Experts discuss dangers of thin ice after separate incidents leave man dead, boy in critical condition

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SALT LAKE CITY -- Ice on lakes, ponds and pools is melting quickly thanks to the warm temperatures, and they are creating dangerous and potentially life threatening situations—even on bodies of water normally considered safe this time of year for activities like ice fishing.

Earlier this week, a man died after falling through ice while ice fishing in Wyoming, and in Magna a 12-year-old boy is in critical condition after falling through ice at a community pool.

Capt. Richard Rich, Unified Fire Authority, runs the swiftwater rescue team, and he said waters that are usually safe this time of year are questionable.

“We haven't had a lot of cold weather, so ice that is there may not be as safe as we've been used to,” he said. “As little as 1 inch of ice will support a small load, which can give a false sense of security."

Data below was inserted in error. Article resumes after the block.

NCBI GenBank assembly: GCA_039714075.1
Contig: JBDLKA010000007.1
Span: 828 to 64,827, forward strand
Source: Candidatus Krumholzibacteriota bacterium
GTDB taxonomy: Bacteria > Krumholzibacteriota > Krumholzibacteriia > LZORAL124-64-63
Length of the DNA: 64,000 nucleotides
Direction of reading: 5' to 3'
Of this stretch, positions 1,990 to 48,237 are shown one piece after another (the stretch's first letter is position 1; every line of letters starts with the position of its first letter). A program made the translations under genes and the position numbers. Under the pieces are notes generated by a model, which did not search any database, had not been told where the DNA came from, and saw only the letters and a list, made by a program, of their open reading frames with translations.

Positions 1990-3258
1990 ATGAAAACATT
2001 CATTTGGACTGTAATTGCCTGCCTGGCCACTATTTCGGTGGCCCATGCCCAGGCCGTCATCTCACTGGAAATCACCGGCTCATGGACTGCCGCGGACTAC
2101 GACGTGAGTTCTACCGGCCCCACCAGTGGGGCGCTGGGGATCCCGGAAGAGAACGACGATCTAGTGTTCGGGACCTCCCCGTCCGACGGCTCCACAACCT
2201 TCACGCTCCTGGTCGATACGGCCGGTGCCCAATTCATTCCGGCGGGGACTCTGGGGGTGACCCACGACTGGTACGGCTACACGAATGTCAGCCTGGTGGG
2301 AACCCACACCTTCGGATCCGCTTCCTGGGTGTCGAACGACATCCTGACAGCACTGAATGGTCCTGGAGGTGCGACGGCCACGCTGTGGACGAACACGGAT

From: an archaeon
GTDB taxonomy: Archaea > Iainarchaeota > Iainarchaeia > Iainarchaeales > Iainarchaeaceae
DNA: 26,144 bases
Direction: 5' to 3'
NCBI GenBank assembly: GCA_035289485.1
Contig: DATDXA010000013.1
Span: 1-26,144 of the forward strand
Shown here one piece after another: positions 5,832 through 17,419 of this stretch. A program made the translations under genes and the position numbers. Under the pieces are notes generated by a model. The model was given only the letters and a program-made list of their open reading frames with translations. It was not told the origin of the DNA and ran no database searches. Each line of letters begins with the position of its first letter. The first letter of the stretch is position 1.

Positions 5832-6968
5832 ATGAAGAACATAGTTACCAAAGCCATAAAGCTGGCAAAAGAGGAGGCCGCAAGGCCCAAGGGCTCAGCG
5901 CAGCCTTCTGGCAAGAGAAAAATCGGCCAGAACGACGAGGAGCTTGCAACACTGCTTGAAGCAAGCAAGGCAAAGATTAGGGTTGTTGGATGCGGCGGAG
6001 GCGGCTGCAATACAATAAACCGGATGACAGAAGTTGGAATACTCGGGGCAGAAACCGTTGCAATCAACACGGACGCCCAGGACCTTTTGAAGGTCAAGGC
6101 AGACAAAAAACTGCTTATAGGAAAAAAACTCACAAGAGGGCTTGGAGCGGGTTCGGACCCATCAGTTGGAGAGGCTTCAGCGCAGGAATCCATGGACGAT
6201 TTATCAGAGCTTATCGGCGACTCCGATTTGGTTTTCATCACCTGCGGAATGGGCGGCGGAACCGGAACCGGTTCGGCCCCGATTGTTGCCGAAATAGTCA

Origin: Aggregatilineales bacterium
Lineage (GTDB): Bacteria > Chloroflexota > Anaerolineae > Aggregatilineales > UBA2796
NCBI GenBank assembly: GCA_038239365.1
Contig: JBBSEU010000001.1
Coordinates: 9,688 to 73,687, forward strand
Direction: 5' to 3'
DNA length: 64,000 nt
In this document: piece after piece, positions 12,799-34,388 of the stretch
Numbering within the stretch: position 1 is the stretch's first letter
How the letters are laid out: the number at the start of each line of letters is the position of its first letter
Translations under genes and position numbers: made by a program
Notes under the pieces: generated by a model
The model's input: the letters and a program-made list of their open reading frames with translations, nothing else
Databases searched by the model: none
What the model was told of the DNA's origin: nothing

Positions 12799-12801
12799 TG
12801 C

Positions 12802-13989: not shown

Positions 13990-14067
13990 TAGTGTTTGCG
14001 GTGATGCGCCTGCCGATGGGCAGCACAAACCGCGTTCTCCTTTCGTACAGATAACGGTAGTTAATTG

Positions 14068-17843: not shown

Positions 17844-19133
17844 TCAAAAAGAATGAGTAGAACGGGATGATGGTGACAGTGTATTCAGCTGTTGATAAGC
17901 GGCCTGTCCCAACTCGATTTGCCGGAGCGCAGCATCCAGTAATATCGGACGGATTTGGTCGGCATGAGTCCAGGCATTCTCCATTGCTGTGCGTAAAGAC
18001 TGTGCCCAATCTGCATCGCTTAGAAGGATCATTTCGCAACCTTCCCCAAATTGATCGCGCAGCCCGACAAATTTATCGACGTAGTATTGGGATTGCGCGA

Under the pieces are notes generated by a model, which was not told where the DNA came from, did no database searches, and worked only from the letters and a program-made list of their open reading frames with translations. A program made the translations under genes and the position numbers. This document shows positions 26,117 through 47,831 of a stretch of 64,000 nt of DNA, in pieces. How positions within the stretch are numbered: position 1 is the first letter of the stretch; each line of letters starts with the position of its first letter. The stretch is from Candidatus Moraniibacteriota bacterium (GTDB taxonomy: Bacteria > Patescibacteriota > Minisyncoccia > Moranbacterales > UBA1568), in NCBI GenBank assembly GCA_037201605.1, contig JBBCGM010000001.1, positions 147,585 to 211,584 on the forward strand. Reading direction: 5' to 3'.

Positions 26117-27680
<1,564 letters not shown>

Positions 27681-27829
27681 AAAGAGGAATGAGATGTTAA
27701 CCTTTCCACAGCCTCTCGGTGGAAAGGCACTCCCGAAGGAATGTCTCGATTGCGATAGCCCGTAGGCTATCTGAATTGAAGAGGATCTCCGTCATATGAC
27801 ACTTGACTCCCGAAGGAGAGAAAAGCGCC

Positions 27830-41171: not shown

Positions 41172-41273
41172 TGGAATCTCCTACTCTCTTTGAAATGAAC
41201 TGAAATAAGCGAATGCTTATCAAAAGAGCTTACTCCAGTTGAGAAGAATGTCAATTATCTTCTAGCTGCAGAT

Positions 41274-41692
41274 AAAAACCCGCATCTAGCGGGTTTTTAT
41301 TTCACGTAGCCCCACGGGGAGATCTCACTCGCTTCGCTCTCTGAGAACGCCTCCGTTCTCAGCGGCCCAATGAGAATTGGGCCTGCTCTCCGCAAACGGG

Rich also said shifts in conditions can cause trouble.

“Ice conditions can change rapidly,” he said. “The probability of ice shifting and entrapping you, you have the hypothermia that can set in within minutes. Water at 50 degrees will quickly cause you to become hypothermic, and at that point you make decisions you wouldn’t make otherwise.”

For those going out onto a larger body of water, like a reservoir, Richards advises consulting park officials about the conditions. Richards also said it is a good idea to drill several test holes into ice to make sure conditions are safe before proceeding.

The 12-year-old boy remains in critical condition Wednesday night. He fell into a pool at the Magna Recreation Center around 5 p.m. Tuesday. The boy had hopped over a fence to look for a bathroom. The boy was estimated to have been under water for at least 20 minutes.

There was another incident Monday in Wyoming, where a 61-year old man from Green River fell through the ice on Flaming Gorge and died.

The Sweetwater County Sheriff's Office recovered John Henderson's body Tuesday. Emergency responders believe Henderson was fishing alone at the time.